Loading the player...

Different types of orders allow you to be more specific about how you'd like your broker to fulfill your trades. When you place a stop or limit order, you are telling your broker that you don't want the market price (the current price at which a stock is trading), but that you want the stock price to move in a certain direction before your order is executed.

With a stop order, your trade will be executed only when the security you want to buy or sell reaches a particular price (the stop price). Once the stock has reached this price, a stop order essentially becomes a market order and is filled. For instance, if you own stock ABC, which currently trades at $20, and you place a stop order to sell it at $15, your order will only be filled once stock ABC drops below $15. Also known as a "stop-loss order", this allows you to limit your losses. However, this type of order can also be used to guarantee profits. For example, assume that you bought stock XYZ at $10 per share and now the stock is trading at $20 per share. Placing a stop order at $15 will guarantee profits of approximately $5 per share, depending on how quickly the market order can be filled.

Stop orders are particularly advantageous to investors who are unable to monitor their stocks for a period of time, and brokerages may even set these stop orders for no charge.

One disadvantage of the stop order is that the order is not guaranteed to be filled at the preferred price the investor states. Once the stop order has been triggered, it turns into a market order, which is filled at the best possible price. This price may be lower than the price specified by the stop order. Moreover, investors must be conscientious about where they set a stop order. It may be unfavorable if it is activated by a short-term fluctuation in the stock's price. For example, if stock ABC is relatively volatile and fluctuates by 15% on a weekly basis, a stop loss set at 10% below the current price may result in the order being triggered at an inopportune or premature time.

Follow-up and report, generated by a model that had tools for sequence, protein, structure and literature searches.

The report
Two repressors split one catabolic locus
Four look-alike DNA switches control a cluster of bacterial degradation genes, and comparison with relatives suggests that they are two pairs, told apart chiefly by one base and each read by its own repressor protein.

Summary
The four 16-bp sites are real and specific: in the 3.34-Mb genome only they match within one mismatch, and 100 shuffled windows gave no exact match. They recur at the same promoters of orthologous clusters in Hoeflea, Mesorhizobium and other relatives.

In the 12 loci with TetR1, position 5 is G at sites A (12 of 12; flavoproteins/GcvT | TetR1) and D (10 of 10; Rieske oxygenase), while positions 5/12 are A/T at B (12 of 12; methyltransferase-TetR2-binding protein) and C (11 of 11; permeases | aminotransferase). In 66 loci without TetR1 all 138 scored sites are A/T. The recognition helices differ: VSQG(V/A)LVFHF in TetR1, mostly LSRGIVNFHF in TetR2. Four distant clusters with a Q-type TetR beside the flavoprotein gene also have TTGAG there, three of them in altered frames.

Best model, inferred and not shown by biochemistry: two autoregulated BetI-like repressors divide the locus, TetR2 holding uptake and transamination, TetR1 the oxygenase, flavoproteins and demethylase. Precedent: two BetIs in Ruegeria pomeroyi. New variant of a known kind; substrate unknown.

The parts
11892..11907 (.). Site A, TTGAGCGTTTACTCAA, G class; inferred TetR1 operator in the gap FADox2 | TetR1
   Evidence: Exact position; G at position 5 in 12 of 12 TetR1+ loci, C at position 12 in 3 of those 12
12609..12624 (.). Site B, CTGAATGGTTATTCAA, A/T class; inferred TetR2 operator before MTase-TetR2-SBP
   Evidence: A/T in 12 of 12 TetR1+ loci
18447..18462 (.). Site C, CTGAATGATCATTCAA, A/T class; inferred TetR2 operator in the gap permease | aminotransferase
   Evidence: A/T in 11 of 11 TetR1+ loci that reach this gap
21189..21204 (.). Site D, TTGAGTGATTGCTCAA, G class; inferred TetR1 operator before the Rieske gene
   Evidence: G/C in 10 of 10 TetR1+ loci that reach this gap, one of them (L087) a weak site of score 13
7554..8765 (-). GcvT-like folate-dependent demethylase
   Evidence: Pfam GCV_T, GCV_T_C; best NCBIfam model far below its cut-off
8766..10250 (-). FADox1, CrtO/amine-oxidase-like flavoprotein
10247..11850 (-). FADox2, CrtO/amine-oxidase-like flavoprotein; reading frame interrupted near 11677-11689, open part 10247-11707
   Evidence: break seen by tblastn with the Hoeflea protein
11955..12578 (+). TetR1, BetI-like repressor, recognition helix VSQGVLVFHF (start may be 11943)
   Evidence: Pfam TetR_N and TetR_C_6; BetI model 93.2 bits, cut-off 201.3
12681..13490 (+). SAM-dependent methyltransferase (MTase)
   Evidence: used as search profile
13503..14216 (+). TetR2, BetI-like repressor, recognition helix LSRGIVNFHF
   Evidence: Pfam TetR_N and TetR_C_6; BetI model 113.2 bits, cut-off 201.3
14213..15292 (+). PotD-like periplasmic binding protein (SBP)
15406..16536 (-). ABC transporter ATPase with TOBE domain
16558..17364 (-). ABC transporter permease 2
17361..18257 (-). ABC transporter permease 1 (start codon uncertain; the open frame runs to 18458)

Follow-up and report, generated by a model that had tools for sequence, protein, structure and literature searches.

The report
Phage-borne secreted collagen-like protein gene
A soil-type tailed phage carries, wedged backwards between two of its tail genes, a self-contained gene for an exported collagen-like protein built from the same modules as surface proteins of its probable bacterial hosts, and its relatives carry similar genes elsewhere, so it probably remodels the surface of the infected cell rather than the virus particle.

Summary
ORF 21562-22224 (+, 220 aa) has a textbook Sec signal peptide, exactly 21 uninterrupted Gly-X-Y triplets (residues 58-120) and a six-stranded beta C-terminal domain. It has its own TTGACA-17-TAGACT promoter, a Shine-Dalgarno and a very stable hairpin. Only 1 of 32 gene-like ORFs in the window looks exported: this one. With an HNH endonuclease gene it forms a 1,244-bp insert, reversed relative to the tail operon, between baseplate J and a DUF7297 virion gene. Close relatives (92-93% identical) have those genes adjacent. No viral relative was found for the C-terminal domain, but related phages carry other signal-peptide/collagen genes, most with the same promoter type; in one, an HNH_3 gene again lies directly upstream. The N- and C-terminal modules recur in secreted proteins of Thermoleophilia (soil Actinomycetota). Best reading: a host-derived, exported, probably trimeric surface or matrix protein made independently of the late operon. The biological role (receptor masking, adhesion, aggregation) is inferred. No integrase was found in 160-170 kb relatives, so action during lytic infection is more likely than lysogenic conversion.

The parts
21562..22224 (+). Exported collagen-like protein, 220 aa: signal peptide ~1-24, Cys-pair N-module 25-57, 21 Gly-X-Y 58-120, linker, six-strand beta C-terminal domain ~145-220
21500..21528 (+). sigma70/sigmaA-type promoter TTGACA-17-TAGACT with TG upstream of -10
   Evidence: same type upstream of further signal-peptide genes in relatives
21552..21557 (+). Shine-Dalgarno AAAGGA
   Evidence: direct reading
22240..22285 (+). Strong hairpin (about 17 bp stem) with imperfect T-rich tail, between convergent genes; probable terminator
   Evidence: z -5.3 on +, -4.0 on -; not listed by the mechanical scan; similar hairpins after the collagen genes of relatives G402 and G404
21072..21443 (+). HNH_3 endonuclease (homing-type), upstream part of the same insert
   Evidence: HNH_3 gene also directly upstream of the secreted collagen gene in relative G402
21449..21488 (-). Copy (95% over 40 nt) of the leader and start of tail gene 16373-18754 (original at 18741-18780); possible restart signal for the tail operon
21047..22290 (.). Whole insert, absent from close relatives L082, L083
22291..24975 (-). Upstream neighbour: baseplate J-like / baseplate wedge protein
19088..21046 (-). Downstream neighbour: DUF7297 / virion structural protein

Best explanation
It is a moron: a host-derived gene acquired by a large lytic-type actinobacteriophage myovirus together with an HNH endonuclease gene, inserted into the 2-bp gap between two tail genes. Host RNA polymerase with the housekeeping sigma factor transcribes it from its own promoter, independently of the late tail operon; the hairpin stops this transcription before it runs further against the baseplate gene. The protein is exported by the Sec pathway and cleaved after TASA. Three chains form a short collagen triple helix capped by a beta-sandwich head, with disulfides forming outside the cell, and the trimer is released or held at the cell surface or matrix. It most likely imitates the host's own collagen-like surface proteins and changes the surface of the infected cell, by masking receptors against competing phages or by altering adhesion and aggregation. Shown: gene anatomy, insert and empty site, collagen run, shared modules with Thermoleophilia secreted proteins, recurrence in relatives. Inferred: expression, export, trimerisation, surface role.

A limit order is an order that sets the maximum or minimum at which you are willing to buy or sell a particular stock. For instance, if you want to buy stock ABC, which is trading at $12, you can set a limit order for $10. This guarantees that you will pay no more than $10 to buy this stock. Once the stock reaches $10 or less, you will automatically buy a predetermined amount of shares. On the other hand, if you own stock ABC and it is trading at $12, you could place a limit order to sell it at $15. This guarantees that the stock will be sold at $15 or more.

The primary advantage of a limit order is that it guarantees that the trade will be made at a particular price; however, your brokerage will probably charge a higher a commission for the limit order, and it's possible that your order will not be executed at all if the limit price is not reached.

To learn more, see How does a stop-loss order work?, The Basics of Order Entry and The Stop-Loss Order - Make Sure You Use It.

  1. What is the difference between a buy limit and a stop order?

    Learn the difference between buy limit orders and stop orders, including stop loss orders, and understand the risks of the ... Read Answer >>
  2. What is the difference between a stop and a market order?

    Learn about market orders and stop orders, how they are used and executed, and the main difference between stop orders and ... Read Answer >>
  3. How do I place an order to buy or sell shares?

    Read a brief overview of how to open a brokerage account, how to buy and sell stock, and the different kinds of trade orders ... Read Answer >>
  4. What is the difference between a stop order and a stop limit order?